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from: Steve Bennet


The basic types of automobile transmissions are:

(i) Automatic, (ii) Standard manual (iii) Four-wheel drive

Prices for an automotive transmission repair usually start out
with the least expensive, which is manual, then automatic, and
finally four-wheel drive - the most expensive. Vehicles without
four-wheel drive are usually referred to as two-wheel drive.

Most standard manual automotive transmissions are four and five
speed, the fifth gear being overdrive. Overdrive is a gear that
reduces the engine's power output without reducing its driving
speed. This is intended to reduce fuel consumption and engine

Usually you can find four-wheel drive automotive transmissions
in different configurations. Some are full-time, which means
that your vehicle operates all the time in four-wheel drive.
Another option is being able to shift from two-wheel drive to
four-wheel drive without reducing engine speed. Many newer
vehicles now have the option of all-wheel drive.


Properly maintaining your transmission fluids and filter will
prolong the life of your vehicle and save you thousands of
dollars in replacement costs down the road. Always refer to the
owner's manual that came with your vehicle to check the
maintenance schedule for the type of transmission you have.

Most automatic transmissions require changing the fluid and
filter every at regular intervals. If you drive in heavy city
traffic, in hilly or mountainous terrain or frequently pull a
trailer, distance between changes may vary.

Manual transmission fluids usually require less frequent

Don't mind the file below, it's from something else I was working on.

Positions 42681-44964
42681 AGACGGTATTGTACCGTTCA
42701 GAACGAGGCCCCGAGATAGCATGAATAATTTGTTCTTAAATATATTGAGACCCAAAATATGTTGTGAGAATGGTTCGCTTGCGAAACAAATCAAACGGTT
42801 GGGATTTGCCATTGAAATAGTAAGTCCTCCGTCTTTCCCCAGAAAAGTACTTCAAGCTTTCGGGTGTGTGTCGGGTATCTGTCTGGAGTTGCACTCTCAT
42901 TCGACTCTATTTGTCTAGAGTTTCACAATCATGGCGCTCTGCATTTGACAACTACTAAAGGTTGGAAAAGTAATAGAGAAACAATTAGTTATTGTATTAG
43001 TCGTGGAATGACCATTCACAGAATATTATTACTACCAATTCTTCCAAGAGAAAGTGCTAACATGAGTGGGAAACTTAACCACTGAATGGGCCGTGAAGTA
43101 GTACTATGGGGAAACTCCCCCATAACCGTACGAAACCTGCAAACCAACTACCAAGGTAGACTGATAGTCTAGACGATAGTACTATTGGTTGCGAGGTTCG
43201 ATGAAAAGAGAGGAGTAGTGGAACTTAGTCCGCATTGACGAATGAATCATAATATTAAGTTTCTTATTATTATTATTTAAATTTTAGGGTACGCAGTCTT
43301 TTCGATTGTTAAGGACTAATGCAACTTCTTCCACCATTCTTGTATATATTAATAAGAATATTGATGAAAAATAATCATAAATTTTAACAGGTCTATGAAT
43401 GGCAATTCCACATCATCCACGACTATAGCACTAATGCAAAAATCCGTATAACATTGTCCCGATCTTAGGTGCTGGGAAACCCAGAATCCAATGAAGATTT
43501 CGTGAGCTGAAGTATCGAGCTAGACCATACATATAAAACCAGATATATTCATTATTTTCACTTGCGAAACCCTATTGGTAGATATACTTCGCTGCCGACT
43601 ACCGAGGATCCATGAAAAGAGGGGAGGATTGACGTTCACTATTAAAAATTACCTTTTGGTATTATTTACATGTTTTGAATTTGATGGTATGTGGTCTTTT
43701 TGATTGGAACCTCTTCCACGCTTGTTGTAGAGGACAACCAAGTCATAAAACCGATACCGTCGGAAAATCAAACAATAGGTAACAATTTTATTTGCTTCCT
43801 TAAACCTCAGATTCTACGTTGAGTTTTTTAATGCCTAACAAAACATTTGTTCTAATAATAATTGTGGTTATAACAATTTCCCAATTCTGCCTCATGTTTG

changing. A vehicle with an automatic transmission has a
dipstick located in the engine compartment under the
bonnet/hood. Keep the fluid filled to its proper level. If the
fluid is clean and red in color, this usually means things are
OK. If the color is slightly brown, smells burnt, has a pink
milkshake-like consistency, or is black, it is time to see your
automotive transmission specialist.


If you suspect you have a problem with your transmission, your
best bet is to take it to an automotive transmission specialist
who can perform a proper diagnostics on it. Because most
vehicles on the road today are equipped with a variety of
electronic data gathering devices, computers and sensors, a
diagnosis of your electronic system using state-of-the-art
diagnostic equipment may be needed to check all your components
to help isolate the problem.

Your service centre will be able to give you an estimate on what
this diagnostic check will cost. This is referred to as an
inspection fee. It may be necessary for your transmission
specialist to pull the transmission out before they can get a
complete understanding of the problem and what it will take to
fix it. Only then can they give you an accurate estimate of the
labour and parts needed.

Ask ahead of time what will be involved in the step-by-step


(i) Ask what, if any, their inspection fee is for looking at
your transmission. (ii) If you do have to have repair work done,
find out how long it will take to get a cost estimate of the
repairs. (iii) Once this has been determined, ask how long it
will take to get the transmission fixed. (iv) When parts need to
be replaced, check to see if they have all parts in stock and if
not, how long will it take to get them in. (v) Make sure all
parts and labour are under warranty. Warranties depend on the
type of work done or the replacement. (vi) Also, check if the
transmission specialist is a member of an industry association.

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